Incredibly John Major managed to make NHS Management even more expensive.   Major combined the clinical leadership model of pre-83 NHS Management with Thatcher era internal market and came up with GP fundholding.    There is no doubt that GP fundholding was popular with lots of GPs who used it innovate services.  It was, however, the most expensive, most bureaucratic system of NHS management ever devised.  NHS management cost increased to 14% of funding, and huge new buildings were commissioned just to house administrators.  Quarry House on the Leeds ring road is the most startling example of Major’s army of bureaucrats:


There is nothing sinister or totalitarian about Quarry House at all.  Nothing.

In 1997 New Labour arrive and appoint Frank “Dobbo” Dobson as Secretary of State for Health.  Dobbo is the most forgotten of all New Labour politicians, and he presides over the biggest reduction in NHS management cost of all time.  The 1997 Act starts dismantling the internal market,  Fundholding is wound up, and savings in management costs are reinvested in cancer screening.   Most of New Labour’s increases in NHS funding happened in the 2000-2008 period, but Dobbo was able to release money into the service by cutting administrative costs.

This probably seems contrary to the popular narrative about New Labour and management costs best represented by this Daily Mail headline:

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As you might have spotted I don’t have much time for the Daily Mail but this story really is utterly bonkers.   I am sometimes staggered at people’s willingness to believe daft things, but this story really stretches credulity.   This is a photo of Benton Park View in Newcastle, the largest Public Administration site I have ever visited:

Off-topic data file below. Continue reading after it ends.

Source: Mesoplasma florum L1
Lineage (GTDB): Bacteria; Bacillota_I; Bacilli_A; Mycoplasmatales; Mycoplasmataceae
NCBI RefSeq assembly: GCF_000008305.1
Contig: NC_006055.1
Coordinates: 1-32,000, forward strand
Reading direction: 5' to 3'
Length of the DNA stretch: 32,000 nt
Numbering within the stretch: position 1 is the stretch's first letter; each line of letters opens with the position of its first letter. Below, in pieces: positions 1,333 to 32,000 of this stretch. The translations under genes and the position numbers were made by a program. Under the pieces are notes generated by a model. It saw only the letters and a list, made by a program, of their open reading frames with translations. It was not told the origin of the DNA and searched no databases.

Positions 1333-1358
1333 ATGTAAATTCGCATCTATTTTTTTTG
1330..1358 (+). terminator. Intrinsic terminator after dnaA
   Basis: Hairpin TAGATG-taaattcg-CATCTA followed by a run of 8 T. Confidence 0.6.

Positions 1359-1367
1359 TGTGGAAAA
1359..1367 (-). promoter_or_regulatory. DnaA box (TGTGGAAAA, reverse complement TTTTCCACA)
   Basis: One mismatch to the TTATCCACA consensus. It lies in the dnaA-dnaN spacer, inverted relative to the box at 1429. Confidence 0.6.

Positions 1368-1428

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It houses roughly 10,000 Civil Servants, and you can take it from me that it is massive, a vast fortress of bureacracy.   If the NHS really had 200,000+ managers you would need a building that big in every large City in the UK.  I think you would probably spot them.   At the time the article was written the NHS had about 35,000 senior managers, and about another 60,000 admin staff, including people like clinic clerks and medical records. 

Dobson was pushed into a failed campaign to win the London Mayoralty and was replaced by his former Junior Minister Alan Milburn.  By the time the NHS Plan was published in 2000 attempts to dismantle the internal market had gone, and instead a new, Clinically led, version of the Internal Market was promoted, including Primary Care Groups and Trusts.    From this moment on Labour’s policy was to reform the  internal market and make it more clinically led rather than to replace it.  Milburn’s shift in emphasis was certainly due to lobbying from GPs, who wanted to reclaim the system leadership they had lost when fundholding was abolished.   I am sure that there was also lobbying from the private sector, but I can’t say whether or not this was an influence.

There is a lot of noise about the extent to which Milburn and Blair privatised NHS services most of which is a bit misinformed.  Lots of money was spent in the private sector buying up empty operating theatre slots to treat patients who otherwise would have spent a long time waiting for an NHS operation.  I am not aware of any services which were transferred wholesale to the private sector in this period.